Going Global: The Impact of the Iran Crisis

“WW3” claims are greatly exaggerated

Trump has faced backlash after approving an operation to assassinate the highest profile military general in Iran, Qasem Soleimani. (wiki.commons/ Gage Skidmore)

Three days into the new year, U.S. President Donald Trump approved of an operation to assassinate the highest profile military general in Iran, Qasem Soleimani, leader of the Quds Force. Mere days afterwards, the Iranian army responded by firing rockets towards U.S. assets in Iraq. However, in the heat of the moment, a civilian airliner was shot down, killing 176 people, 57 of whom were Canadian. The pain of these losses can even be felt in Vancouver.

The missile strike is a decision which defies a simple or nuanced explanation. In my experience writing this column, it’s often easy to explain a decision made by a state, even if it seems perplexing. For instance, many erroneously believe that Kim Il-sung of North Korea was a nutjob, but telling the world, “I’m gonna do it!” is part of the regime’s cycle of extracting aid and concessions from the West.

With the assassination of Soleimani, it’s more difficult. Many reports have suggested that Donald Trump took the most extreme option, not because the situation called for it, but because it’s a result of his unstable personality. His aides have since attempted to justify the assassination by claiming that four U.S. embassies were under threat of Iranian proxy forces, but no evidence for this has been provided, and even Republican congress members haven’t bought into it.

While the relationship between the U.S. and Iran has been degrading ever since Trump pulled the U.S. out of the nuclear deal, assassinating a major general on foreign soil is a massive escalation.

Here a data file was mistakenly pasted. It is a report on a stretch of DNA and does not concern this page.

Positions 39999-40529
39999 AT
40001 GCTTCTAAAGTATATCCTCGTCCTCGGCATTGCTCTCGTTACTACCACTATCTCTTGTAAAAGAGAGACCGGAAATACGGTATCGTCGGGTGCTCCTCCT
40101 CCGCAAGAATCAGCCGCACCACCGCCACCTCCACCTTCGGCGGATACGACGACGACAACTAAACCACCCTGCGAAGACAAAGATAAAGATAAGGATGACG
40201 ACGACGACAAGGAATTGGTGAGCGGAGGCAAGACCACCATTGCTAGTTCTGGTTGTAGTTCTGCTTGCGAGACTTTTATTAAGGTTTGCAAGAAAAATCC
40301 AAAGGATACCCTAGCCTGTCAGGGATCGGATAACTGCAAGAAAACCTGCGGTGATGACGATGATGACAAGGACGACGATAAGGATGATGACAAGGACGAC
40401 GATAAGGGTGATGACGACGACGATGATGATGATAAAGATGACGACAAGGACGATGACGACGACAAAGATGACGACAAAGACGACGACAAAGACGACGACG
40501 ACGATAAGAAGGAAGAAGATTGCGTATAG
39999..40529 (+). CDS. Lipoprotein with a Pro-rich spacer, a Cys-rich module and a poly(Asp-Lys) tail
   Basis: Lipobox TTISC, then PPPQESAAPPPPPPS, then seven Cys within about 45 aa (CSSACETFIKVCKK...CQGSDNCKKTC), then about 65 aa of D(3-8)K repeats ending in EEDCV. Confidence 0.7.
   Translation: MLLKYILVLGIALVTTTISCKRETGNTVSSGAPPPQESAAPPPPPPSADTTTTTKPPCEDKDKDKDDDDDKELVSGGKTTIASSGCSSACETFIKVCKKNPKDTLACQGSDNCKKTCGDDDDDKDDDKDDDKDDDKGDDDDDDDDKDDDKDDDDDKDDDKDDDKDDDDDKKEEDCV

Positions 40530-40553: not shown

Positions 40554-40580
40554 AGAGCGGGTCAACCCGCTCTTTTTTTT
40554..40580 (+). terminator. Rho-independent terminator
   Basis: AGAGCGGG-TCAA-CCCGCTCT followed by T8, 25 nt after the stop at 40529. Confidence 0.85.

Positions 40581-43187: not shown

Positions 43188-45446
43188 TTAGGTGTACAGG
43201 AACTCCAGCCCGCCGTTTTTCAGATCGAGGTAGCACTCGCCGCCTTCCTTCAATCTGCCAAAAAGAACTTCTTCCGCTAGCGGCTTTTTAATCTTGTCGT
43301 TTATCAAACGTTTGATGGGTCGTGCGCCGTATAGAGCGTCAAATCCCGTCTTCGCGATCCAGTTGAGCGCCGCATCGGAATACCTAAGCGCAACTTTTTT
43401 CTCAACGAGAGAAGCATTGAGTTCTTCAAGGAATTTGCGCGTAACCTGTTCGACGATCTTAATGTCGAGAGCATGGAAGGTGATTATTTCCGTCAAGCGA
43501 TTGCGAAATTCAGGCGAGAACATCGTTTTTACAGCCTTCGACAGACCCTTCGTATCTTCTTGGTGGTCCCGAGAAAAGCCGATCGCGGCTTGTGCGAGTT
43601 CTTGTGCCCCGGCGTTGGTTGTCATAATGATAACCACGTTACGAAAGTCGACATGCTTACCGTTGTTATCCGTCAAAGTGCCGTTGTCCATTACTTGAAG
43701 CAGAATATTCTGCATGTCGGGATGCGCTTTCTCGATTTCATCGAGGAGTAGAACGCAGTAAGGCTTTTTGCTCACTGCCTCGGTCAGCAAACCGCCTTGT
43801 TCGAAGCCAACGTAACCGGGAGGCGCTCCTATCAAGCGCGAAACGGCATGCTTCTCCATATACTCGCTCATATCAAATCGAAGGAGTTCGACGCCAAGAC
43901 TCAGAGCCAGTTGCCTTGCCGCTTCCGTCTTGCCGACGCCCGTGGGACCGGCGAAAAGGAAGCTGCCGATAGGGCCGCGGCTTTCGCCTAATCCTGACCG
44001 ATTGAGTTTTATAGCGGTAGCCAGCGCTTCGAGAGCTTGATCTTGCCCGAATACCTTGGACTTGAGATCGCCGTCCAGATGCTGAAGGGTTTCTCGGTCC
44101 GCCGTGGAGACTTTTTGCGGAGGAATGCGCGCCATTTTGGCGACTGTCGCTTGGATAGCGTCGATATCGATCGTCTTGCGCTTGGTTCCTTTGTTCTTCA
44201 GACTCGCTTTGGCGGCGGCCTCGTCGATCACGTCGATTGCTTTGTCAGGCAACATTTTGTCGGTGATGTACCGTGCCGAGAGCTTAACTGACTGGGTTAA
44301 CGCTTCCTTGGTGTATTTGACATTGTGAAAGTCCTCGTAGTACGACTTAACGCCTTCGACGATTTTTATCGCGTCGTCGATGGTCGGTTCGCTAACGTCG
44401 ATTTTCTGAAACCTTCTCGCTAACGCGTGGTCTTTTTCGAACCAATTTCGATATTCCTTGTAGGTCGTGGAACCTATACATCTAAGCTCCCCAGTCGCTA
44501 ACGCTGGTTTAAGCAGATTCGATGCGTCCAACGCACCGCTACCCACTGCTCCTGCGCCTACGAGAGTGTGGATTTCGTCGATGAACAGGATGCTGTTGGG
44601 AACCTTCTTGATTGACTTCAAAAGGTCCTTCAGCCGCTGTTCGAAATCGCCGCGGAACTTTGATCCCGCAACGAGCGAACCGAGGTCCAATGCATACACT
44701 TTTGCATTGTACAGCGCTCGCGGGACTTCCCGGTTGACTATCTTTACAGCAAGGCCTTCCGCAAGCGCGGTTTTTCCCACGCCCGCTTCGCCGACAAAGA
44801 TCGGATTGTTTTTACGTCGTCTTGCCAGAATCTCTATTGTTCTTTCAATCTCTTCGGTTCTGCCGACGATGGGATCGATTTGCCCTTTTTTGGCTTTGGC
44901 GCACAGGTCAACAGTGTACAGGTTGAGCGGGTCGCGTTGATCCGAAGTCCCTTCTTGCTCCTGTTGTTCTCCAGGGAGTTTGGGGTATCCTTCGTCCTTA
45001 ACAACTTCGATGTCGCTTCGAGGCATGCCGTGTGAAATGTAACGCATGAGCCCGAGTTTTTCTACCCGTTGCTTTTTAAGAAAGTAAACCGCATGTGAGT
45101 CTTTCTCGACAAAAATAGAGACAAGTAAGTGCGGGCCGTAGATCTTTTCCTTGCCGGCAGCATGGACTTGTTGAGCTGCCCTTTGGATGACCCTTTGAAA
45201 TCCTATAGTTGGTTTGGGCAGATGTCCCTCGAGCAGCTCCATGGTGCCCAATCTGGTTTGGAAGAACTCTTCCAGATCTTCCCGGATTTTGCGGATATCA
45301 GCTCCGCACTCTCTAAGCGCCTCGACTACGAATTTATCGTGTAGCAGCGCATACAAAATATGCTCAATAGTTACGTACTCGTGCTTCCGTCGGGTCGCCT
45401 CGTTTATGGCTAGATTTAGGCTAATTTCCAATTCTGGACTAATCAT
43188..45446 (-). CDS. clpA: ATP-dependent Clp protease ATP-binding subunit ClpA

Soleimani was assassinated near the international airport of a U.S. ally. Iraq wasn’t given any notice or warning that this was going to happen and, according to many legal scholars, the strike could certainly constitute a violation of international law. However, some have argued that a military general landing in a region with some of their assets qualifies them as a combatant, and that the assassination might be justifiable to prevent an imminent attack. No evidence has been provided for this argument either. It’s no wonder that Iraqi parliament voted to eject the U.S. military presence from their country.

All of this led Iran to respond with force, and they did so a few days later, earlier than expected, by firing several rockets towards U.S. military bases in Iraq. While no American or Iraqi personnel were hurt, this wound up being enough of a retaliation to let the world know that they wouldn’t take an attack sitting down. It was also a soft enough response to delay further escalation from the United States. The Iranian regime, despite their posturing, doesn’t want a war.

But again, the third critical event was the likely accidental destruction of civil airliner PS752. A few days after the plane went down, Iran conceded that their military shot the plane down, which is an admission that many didn’t expect. Currently, many Iranians have bravely taken to the street to protest against the regime, demanding that the Supreme Leader Ali Khamenei step down. Internationally, their already dodgy reputation has taken a massive hit.

At home, a now-bearded Trudeau has shown good leadership given the painful circumstance his country is in. While some may see them as bare minimums, Trudeau or other relevant bureaucrats have been in front of cameras, and Trudeau himself has reflected the anger and sadness of the country. Due to Canada’s position as a non-involved ally of the United States, he needed to establish entry to Iran for officials while also disapproving of the escalation. Despite the fact that Canada joins the U.S. in classifying Iran’s Quds Force as a terrorist organization, it doesn’t need to approve of the American President’s brash method of countering them. However, Trudeau understands that antagonizing the President so directly wouldn’t do anyone any good.

So what did the United States and the region get out of this? It turns out that in the end, the price of Soleimani was a loss of trust in the U.S. from Iraq and possibly other allies, the loss of Trump’s limited political capital, and the loss of a plane full of innocent people.

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